We could talk at length about geopolitical, social, and economic factors, all of which are important, but anti-trafficking advocates have elevated a simple need in this fight—Awareness. As one advocate said recently, “Awareness is 80% of the solution.”  80% of the solution is exposing the evil that is happening right now and providing positive alternatives.

Every year 700-800 children are expelled from State-run orphanages in Moldova. Upon leaving, they are often only given a few dollars and a bus ticket to the town listed on their birth certificate.  They are alone, and have nowhere to go.  They are perfect victims for a trafficker to exploit for financial gain.

Six years ago, 100X developed a partnership with Stella’s Voice, an organization in Moldova working to protect at-risk orphans. Stella’s works to educate orphans about the dangers of trafficking and provides them with a safe home where they receive loving care and an education.  To date, 100X has built three homes and we have the capacity to house approximately 60 children at a time.  But we need to do so much more….

We know that approximately 99% of trafficking victims are never rescued, so preventing children from becoming victims is the first step in ending this travesty.  To reach more children, we’re in the process of building another home in Moldova, one that will be focused on prevention as well as job training, education and providing a safe place for this vulnerable population.  Phillip Cameron, the founder of Stella’s Voice, has said that he never again wants to be limited by lack of space, and I am in firm agreement.  But we cannot do this alone!

Will you help us protect one more?

What you can do
Speak Up—post a message on Facebook or Twitter, send an email, talk to your co-workers and legislators.
Give—we want to reach as many young girls as possible, and we cannot do it alone.
Pray—pray for the girls, for those working to help them, and for exposure of those who are exploiting them.

12.3 million is a daunting number, but what if you could rescue one?  To quote Edmund Burke, “Nobody made a greater mistake than he who did nothing because he could do only a little.”

–John Blanchard, Co-Founder and President of the Board of Directors

We asked, they answered. Q&A with child sponsors. Part II.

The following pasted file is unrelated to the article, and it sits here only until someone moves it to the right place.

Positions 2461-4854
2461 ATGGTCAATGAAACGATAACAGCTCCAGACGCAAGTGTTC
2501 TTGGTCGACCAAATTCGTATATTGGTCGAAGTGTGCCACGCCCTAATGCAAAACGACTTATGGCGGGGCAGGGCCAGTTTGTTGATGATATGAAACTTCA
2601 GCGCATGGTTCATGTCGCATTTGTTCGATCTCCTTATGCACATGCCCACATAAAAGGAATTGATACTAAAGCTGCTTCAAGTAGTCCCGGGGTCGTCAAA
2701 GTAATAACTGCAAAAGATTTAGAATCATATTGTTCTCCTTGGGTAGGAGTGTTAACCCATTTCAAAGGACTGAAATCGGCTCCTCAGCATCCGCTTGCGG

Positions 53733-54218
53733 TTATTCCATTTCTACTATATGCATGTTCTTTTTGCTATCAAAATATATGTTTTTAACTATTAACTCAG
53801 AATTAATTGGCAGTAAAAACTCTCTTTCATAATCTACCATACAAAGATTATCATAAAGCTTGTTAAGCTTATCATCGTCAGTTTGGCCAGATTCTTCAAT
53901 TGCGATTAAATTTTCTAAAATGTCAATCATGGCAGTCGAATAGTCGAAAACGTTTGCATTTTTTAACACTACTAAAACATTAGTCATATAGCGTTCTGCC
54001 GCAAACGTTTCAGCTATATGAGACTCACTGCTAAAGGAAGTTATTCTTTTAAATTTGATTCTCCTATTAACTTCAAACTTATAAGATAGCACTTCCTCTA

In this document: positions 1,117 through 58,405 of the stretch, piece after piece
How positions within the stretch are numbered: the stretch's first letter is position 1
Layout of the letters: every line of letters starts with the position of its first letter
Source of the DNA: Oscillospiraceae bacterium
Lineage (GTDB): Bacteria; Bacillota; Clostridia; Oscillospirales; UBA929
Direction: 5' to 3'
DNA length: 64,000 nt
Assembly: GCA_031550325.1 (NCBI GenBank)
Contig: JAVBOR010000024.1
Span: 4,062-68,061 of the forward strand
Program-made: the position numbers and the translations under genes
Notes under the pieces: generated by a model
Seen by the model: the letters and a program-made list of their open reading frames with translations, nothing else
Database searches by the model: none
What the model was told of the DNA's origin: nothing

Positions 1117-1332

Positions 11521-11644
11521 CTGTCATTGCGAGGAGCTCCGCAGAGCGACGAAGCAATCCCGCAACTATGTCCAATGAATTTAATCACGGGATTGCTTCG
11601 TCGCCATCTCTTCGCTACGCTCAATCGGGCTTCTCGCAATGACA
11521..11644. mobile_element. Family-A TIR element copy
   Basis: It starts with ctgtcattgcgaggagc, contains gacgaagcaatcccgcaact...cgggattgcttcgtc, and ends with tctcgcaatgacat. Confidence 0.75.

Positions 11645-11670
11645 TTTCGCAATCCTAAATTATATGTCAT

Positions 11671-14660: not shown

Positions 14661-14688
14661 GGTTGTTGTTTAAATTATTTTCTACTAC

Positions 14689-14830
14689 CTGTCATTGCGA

In our last blog, we introduced you to two veteran child sponsors who have walked alongside 100X for many years.  Here, we would like you to meet some of our newest sponsors, and see how they are already making a great impact!

Jamie and his family began sponsoring Kizito and William six months ago, after he and his son volunteered at Mtendere in July.

What inspired you to become a sponsor? Meeting and spending time with the children at Mtendere, and seeing how successful Mtendere has been in changing children’s lives.

What does child sponsorship mean to you? Saving a child that would otherwise be in jeopardy, educating a human being, and inspiring them to reach for greatness.

What is your favorite thing about being a child sponsor? Knowing that a child is being saved from an otherwise destitute existence with little hope.

How have you involved your family in this experience? My son and I travelled to Mtendere this summer to spend a week working at the orphanage; although she did not visit with us this summer, my wife is the one that insisted that we sponsor two children. Now, our other children want to visit and work at Mtendere.

If you could share one thing with someone considering sponsoring a child, what would it be? If not for sponsors, these children don’t stand a chance; for $40 a month, you can educate, house and feed an orphan.

Teri began sponsoring Petro three months ago after traveling to Malawi with Karen (previous post) through Kusewera.

What inspired you to become a sponsor? Smiles. Each and every child in the village has a story that our hearts cannot comprehend…and each child’s smile resonates nothing but love and appreciation for the good they are now able to see, feel, and share. It is beautiful.

How do you see child sponsorship benefiting your sponsored child? The money will ensure Petro has school supplies, clothing, sufficient bedding, and toiletries. The love being given him through personal notes, concern for his well-being, and having another “safe” adult who he is able to trust is the best benefit of all and one that he will hopefully cherish as he grows.

What does child sponsorship mean to you? Being a sponsor means that I have the ability to directly and positively impact another human being without disrupting their culture and way of life. It is a simple way to say thank you for the genuine love felt in each little hand that held mine, the personal drawing one of the children took time to create, and the unbelievable beauty of their voices in song that will live with me forever .